In Memoriam

Courtesy of Billy Hungeling

Eugene D. Genovese
October 08, 2012

Eugene D. Genovese, a historian who wrote about slavery in the American South, died on September 26 after a long illness. He was 82. Early in his career he identified himself as a Marxist, but he later denounced that affiliation and veered toward conservatism.

During the Vietnam War, which he actively opposed, he became the subject of a free-speech debate after he said at a 1965 rally that he would welcome a Vietcong victory. At that time, he was a professor at Rutgers University; later he was chair of the history department at the University of Rochester and taught at several other universities, including a consortium in Georgia.

His analysis of slavery in his most noted book on the subject, Roll, Jordan, Roll: The World the Slaves Made (1974), was inspired by the theories of Antonio Gramsci, an Italian Marxist, on how the ruling class maintains its authority, said an obituary released to the news media by Mr. Genovese's friends and family. The relationship between master and slave illustrated paternalism, which, from the master's perspective, "was not about kindness, but control," the family account said. Slaves rechanneled that paternalism "to meet their own needs."

For more than three decades, Mr. Genovese was married to Elizabeth Fox-Genovese, a professor of humanities and a women's-studies scholar at Emory University. She died in 2007.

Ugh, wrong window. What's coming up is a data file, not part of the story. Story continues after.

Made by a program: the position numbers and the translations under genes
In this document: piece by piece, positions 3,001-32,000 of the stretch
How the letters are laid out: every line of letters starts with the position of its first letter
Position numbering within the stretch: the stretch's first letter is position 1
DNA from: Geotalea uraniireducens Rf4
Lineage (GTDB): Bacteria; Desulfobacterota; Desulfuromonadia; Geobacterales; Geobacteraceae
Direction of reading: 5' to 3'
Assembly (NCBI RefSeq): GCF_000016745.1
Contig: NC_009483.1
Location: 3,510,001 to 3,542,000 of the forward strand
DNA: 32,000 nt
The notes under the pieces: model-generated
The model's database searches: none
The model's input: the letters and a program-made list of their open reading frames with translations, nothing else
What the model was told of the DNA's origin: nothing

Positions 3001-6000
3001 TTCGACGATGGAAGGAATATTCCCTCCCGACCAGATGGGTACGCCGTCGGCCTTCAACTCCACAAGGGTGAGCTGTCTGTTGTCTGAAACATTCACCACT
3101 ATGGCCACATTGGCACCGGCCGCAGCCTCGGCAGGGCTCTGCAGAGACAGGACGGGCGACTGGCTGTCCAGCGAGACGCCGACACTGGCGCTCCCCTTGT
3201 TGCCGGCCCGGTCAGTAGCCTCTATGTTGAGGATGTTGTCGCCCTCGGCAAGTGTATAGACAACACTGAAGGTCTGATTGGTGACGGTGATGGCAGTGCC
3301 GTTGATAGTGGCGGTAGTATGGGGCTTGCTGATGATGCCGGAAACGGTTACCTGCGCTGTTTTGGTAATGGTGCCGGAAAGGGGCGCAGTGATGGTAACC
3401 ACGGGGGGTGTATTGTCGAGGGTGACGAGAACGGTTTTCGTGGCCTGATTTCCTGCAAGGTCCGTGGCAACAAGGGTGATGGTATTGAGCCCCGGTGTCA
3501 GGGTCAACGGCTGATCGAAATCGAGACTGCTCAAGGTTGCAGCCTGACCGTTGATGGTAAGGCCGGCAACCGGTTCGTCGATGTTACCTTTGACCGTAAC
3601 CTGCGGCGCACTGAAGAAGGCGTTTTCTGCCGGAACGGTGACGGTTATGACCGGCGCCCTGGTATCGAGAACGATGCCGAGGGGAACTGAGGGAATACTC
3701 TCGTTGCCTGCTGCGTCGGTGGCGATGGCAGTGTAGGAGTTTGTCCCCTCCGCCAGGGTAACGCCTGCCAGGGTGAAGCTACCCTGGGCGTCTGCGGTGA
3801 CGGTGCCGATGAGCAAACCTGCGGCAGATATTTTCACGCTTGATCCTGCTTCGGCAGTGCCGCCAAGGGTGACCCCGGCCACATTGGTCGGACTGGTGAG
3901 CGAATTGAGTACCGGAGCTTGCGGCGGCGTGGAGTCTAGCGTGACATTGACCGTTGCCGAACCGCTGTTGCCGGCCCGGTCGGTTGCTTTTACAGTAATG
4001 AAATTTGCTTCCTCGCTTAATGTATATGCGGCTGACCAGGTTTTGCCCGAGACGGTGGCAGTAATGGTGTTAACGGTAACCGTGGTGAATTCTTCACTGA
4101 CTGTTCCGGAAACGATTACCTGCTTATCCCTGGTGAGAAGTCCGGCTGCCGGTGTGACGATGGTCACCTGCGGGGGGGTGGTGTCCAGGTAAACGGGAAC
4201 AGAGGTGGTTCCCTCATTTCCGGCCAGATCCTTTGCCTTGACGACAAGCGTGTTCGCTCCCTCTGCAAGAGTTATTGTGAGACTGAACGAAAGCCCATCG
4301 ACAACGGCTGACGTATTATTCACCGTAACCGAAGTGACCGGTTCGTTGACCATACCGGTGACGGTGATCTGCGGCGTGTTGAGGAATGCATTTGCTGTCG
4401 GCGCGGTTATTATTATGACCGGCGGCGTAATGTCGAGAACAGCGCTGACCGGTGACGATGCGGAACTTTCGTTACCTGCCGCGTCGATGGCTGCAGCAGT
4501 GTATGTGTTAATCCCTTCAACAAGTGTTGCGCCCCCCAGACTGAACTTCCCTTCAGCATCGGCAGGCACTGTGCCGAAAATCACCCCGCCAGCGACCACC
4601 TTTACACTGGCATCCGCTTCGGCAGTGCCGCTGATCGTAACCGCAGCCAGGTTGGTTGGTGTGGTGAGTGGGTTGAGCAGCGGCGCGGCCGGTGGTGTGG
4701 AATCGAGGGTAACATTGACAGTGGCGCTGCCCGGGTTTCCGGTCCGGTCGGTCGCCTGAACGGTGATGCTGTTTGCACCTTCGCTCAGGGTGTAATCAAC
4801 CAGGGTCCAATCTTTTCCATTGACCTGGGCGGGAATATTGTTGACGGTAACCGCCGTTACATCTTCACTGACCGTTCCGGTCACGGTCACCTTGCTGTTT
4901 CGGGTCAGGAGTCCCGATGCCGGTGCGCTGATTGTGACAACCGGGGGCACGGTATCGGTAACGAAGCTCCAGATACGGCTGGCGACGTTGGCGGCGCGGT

Michael Heim, translator of Günter Grass, Milan Kundera, and other authors, died on September 29 of complications of melanoma. He was 69. A professor of Slavic languages and literatures at the University of California at Los Angeles, Mr. Heim translated works from eight languages, among them two of Mr. Kundera's novels, The Unbearable Lightness of Being and The Book of Laughter and Forgetting, from the Czech. After Mr. Heim's death, it was revealed that he was the donor who had given the PEN American Center more than $700,000 nine years ago to establish the PEN Translation Fund, which has supported some 100 book-translation projects.

Eric J. Hobsbawm, an economic historian of the 19th century and longtime Communist Party member, died on October 1 in London. He was 95. A professor of economic and social history at the University of London, he wrote a trilogy covering the period 1789 to 1914: The Age of Revolution, The Age of Capital, and The Age of Reason. After he retired from the London institution, he taught at Stanford and Cornell Universities, among others.

Barry Commoner, a leader in the environmental and social-justice movements, died on September 30 in New York City. He was 95. He worked for more than three decades at Washington University in St. Louis, where he founded the Center for the Biology of Natural Systems. In 1981 he moved, with the center, to the City University of New York's Queens College and worked there for almost two more decades.

Henry F. May, a professor of American history emeritus at the University of California at Berkeley who wrote about the late 18th century and the World War I era, died on September 29. He was 97. He taught at Berkeley from 1952 until he retired, in 1980, and was chair of its history department during the Free Speech Movement of 1964.